Weekly Wrap-Up

Last Week In Markets: Aug 21 - Aug 25, 2017

Fisher Investments recaps the biggest market, political and economic news from last week, including Fed Chair Janet Yellen’s central bank symposium comments, as well as US, European, Japanese and Emerging Market economic releases.

Global equities rose amid light economic data.

In the US, July new home sales fell to a 571,000 seasonally adjusted annual rate, missing expectations. However, an upward revision to June’s sales and weakness in expensive locations account for much of July’s miss. Similarly, while July durable goods orders fell 6.8% m/m, this was due primarily to a reversal in aircraft orders, which surged at June’s Paris Air Show. Core capital goods orders, which exclude transportation and defense, rose 0.4% m/m. At the annual central bank symposium in Jackson Hole, Fed Chair Janet Yellen defended financial regulatory reforms enacted since 2008’s financial panic. Though her remarks drew headlines, considering her current term ends February 2018 and it is up to Congress and the White House to decide Dodd-Frank’s fate, we don’t believe her comments are a bellwether.

UK and eurozone economic data were positive. UK Q2 2017 GDP expanded 0.3% q/q, meeting expectations, but most media focused on weak, 0.1% q/q household consumption growth. Yet trade suggests this may understate consumers’ health: Exports and imports each rose 0.7% q/q (0.4% for goods imports, 1.8% for services), suggesting sound domestic demand. Meanwhile, the UK government published papers outlining its starting position for Brexit negotiations, stating its desire to maintain present customs arrangements with the remaining EU nations. While not official policy, the publications reflect what we’ve long held—the Brexit process will be long, deliberate and public, helping sap surprise power. In Germany, the second estimate of Q2 2017 GDP met expectations, expanding 0.6% q/q. Similarly, Spanish Q2 GDP expanded 0.9% q/q, meeting consensus.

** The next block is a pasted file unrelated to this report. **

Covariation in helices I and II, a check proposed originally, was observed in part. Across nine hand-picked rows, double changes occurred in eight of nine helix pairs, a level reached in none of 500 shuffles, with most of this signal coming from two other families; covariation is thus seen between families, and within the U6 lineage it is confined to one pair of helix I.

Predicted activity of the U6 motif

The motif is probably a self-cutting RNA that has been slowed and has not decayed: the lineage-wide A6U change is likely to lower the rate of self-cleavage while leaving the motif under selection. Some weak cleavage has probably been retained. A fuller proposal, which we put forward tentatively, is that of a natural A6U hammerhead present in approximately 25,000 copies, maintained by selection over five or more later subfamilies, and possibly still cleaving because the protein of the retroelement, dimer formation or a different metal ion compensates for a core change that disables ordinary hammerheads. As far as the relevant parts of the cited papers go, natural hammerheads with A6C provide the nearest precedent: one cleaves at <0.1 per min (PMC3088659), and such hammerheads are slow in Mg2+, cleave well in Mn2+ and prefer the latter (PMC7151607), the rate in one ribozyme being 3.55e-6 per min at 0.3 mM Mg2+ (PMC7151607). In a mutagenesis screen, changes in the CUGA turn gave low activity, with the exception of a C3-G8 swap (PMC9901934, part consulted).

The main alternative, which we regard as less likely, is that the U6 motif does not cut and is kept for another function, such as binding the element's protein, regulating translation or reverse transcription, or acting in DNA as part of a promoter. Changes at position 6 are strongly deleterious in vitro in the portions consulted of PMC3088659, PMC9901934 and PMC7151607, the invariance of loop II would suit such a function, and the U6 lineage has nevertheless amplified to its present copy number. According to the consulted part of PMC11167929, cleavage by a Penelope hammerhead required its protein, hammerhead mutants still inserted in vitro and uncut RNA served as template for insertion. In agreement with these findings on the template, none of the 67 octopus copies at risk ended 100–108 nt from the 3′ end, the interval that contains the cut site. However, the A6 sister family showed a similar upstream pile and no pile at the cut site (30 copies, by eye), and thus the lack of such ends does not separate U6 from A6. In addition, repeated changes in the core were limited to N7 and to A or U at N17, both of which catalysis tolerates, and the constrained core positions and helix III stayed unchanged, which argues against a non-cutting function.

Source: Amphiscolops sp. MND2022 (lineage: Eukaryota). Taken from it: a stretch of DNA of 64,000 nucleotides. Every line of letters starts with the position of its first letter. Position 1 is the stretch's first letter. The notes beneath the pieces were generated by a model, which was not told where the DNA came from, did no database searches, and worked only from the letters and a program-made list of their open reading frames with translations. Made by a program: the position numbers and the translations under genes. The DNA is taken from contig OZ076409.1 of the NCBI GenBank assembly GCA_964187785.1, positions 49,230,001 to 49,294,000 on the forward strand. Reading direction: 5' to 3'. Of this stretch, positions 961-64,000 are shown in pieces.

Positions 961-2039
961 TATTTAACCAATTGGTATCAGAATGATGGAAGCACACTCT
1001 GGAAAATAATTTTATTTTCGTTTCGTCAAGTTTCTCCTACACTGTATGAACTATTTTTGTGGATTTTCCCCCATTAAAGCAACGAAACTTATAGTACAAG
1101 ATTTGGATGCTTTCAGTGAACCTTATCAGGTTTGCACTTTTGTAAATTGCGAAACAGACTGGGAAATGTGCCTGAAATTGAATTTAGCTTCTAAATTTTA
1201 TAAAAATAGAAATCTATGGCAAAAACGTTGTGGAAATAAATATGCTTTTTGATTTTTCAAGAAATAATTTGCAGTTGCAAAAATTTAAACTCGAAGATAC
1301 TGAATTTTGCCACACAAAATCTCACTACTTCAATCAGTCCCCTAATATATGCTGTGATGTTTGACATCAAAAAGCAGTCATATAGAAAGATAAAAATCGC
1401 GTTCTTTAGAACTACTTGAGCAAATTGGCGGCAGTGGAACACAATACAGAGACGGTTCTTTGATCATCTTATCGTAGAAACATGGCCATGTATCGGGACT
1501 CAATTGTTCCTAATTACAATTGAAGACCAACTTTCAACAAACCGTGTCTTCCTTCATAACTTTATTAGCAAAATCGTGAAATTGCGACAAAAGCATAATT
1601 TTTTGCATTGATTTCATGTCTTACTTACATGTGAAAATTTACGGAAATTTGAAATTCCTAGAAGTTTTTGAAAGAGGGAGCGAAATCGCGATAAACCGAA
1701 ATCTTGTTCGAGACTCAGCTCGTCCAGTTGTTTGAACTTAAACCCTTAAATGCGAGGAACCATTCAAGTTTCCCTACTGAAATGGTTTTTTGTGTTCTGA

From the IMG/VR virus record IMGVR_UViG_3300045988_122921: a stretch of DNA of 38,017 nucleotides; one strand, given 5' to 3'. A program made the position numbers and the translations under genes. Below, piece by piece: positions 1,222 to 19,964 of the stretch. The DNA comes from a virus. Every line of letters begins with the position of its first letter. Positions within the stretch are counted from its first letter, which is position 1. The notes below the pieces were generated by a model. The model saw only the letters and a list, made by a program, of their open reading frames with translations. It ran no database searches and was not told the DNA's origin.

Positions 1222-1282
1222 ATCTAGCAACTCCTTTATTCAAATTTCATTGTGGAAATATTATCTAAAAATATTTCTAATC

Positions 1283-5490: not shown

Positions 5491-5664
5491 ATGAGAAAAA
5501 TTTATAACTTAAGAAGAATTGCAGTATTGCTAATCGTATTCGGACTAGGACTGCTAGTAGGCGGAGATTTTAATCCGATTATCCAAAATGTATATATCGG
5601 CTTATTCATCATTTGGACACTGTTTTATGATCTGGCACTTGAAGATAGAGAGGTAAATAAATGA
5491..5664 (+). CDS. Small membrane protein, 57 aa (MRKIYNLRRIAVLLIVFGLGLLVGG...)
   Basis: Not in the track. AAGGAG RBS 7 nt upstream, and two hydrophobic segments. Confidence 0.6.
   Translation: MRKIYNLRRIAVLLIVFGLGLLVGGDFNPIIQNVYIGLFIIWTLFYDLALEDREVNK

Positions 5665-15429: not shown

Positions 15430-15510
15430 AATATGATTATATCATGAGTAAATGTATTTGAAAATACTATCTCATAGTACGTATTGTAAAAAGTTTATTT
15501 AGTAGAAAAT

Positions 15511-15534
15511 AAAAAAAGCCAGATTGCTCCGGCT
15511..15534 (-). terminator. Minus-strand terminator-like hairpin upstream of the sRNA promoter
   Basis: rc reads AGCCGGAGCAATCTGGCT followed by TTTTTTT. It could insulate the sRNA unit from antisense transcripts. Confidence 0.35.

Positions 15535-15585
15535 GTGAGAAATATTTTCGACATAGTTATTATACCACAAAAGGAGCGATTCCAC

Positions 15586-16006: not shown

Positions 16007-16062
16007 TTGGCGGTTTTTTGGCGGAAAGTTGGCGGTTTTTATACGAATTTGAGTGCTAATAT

July’s Japanese National Consumer Price Index (CPI) rose 0.4% y/y, above expectations. So-called core-core CPI, which excludes food and energy, fell 0.1% y/y, missing expectations for a small rise. Both measures remain well below the Bank of Japan’s 2.0% inflation target.

In Emerging Markets, Mexico reported its 16th consecutive quarter of economic growth, as GDP expanded 0.6% q/q. Brazil unexpectedly proposed privatizing its largest utility—an attempt to meet budget deficit targets without cutting spending.

The Week Ahead:

US economic releases include the second estimate of Q2 GDP, manufacturing Purchasing Managers’ Indexes (PMIs) and employment data. In Europe, the eurozone reports July money supply and both eurozone and UK manufacturing PMIs. Japan reports trade balance and unemployment figures. Chinese manufacturing and services PMIs are due.

Source for all data cited is FactSet. This update constitutes the general views of Fisher Investments and should not be regarded as personalized investment advice. No assurances are made we will continue to hold these views, which may change at any time based on new information, analysis or reconsideration. In addition, no assurances are made regarding the accuracy of any forecast made herein. Global equities are represented by the MSCI World Index. The MSCI World Index measures the performance of selected stocks in 23 developed countries and is presented net of dividend withholding taxes and uses a Luxembourg tax basis. Past performance is no guarantee of future results. A risk of loss is involved with investments in stock markets.